SNAP Saved at Farmers Markets
Food Bank helps keep low-income shoppers connected
8/1/2018, 9:30 a.m.
Serving low income community members is a labor of love for farmers markets. But closure of a widely-used Supplemental Nutrition Assistance Program (SNAP) processor had threatened access to the markets for people using benefits from their SNAP/Oregon Trail cards.
But thanks to help from the Oregon Food Bank to cover costs of the transition, the charitable arm of Portland Farmers Market announced last week that SNAP recipients will not be turned away when shopping at Oregon farmers markets.
Processing SNAP benefits comes with federal restrictions which demand meticulous record-keeping and out-of-pocket costs for equipment and processing fees. Recently, Novo Dia Group, a financial transaction processor contracted with 1,700 farmers markets around the nation, made national news when they announced their closure as of Aug. 31. This left 20 Oregon farmers markets scrambling for a speedy replacement in order to avoid turning SNAP shoppers away.
Solutions existed – but they had some big costs for farmers markets, including set-up, per use and monthly processing fees. Additionally, capital costs for hardware can run up to $900 per unit.
Since an alternative was needed quickly and farmers markets are low budget operations, the Oregon Food Bank stepped-in to help by committing up to $10,000 to assist individual markets in determining needs, purchasing hardware and paying fees for their new SNAP processing contracts.
“Oregon Food Bank believes that no one should be hungry and that everyone deserves healthy, fresh food in order to thrive,” said Oregon Food Bank Chief Executive Officer Susannah Morgan. “These core organizational values made the decision to support SNAP access at local farmers markets very straightforward. Farmers markets help strengthen local food systems and bring our wonderfully varied communities together – these are critical avenues to addressing hunger at its root causes.”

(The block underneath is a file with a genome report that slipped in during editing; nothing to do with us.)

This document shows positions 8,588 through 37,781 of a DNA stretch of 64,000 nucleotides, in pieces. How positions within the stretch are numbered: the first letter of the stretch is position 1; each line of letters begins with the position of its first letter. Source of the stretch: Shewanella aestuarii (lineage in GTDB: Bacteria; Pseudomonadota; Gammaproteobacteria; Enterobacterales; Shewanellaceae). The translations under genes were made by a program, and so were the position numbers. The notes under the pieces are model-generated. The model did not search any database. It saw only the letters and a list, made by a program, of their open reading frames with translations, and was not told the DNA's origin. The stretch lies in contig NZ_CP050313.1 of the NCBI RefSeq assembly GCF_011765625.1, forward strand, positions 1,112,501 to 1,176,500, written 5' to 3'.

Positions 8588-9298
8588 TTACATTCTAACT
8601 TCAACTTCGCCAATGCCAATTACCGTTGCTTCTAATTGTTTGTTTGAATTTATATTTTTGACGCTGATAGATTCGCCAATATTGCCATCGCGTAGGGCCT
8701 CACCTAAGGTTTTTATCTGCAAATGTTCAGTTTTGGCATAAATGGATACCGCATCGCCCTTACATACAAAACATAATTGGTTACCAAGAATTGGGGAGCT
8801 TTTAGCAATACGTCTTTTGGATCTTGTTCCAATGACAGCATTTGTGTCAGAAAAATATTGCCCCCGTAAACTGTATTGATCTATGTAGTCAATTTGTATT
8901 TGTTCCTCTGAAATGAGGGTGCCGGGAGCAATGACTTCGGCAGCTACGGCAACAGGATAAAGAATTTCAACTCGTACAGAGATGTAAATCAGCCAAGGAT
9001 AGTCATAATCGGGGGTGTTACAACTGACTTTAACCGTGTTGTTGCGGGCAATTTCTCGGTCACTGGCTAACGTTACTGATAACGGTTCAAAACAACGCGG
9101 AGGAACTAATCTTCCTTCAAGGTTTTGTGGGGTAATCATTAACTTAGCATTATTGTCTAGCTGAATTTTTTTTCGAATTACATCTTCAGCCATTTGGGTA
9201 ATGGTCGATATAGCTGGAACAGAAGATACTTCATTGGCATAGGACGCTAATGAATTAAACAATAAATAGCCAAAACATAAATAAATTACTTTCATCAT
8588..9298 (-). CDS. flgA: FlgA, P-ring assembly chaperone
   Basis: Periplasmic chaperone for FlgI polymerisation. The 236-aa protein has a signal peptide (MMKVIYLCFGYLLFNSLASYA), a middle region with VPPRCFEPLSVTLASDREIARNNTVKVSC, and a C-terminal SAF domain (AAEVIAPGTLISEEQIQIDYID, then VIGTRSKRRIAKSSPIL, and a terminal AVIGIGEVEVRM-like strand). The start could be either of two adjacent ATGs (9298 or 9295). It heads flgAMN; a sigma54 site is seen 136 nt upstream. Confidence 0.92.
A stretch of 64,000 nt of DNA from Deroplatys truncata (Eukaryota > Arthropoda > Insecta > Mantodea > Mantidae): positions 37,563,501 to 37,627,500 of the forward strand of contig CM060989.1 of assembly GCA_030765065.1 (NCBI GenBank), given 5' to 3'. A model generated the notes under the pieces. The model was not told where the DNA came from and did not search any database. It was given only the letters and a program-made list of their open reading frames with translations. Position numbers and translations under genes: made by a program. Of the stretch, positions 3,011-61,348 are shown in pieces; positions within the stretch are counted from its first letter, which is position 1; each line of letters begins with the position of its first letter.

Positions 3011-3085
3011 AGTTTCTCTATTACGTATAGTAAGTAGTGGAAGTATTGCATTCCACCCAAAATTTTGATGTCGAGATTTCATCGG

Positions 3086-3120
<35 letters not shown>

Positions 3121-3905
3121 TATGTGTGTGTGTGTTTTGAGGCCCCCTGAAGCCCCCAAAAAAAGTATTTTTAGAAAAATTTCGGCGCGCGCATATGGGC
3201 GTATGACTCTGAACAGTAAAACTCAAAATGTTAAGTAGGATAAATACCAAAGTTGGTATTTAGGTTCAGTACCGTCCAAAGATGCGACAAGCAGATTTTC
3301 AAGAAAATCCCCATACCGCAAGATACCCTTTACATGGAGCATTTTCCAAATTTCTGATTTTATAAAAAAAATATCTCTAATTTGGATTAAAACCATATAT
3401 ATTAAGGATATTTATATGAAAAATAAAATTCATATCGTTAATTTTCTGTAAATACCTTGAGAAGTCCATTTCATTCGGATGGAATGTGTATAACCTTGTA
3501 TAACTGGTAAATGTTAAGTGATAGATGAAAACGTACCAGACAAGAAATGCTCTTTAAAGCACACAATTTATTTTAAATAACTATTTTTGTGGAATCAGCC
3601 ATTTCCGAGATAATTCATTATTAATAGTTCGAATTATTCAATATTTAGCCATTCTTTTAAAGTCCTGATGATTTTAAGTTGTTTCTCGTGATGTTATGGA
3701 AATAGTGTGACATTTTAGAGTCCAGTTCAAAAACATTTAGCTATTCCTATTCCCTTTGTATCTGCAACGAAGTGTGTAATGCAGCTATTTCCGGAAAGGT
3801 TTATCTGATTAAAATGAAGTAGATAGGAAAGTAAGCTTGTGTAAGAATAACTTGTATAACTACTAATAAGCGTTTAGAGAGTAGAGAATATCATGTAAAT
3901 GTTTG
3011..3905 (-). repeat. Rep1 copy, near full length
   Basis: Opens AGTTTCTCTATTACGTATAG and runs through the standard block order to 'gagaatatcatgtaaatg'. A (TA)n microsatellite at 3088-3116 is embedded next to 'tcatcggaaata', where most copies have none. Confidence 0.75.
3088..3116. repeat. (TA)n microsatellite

There are 130 farmers markets in Oregon; 70 of them also offer extra cash to low income shoppers using their SNAP/Oregon Trail cards. Most offer a dollar for dollar match up to $10, which boosts the buying power for low income households, enabling shoppers to buy more local fruits and vegetables.
“Nearly all SNAP shoppers at farmers markets tell us how important the program has been for them to eat more nutritious foods. That’s why it’s so important for us to help markets continue accepting SNAP without interruption,” says Molly Notarianni, program director of the Farmers Market Fund.
In the next few weeks, Farmers Market Fund will partner with Oregon Farmers Market Association to assure that each market impacted by the Novo Dia closure is identified and will get the help they need.
"Everyone’s goal is to make sure there is no break in service at any market for any SNAP customers, and this contribution will help make that goal achievable,” says Kelly Crane, Program Director, Oregon Farmers Markets Association. “We are really inspired by the way that the farmers market community and food system partners have all come together to find a fix for this situation.”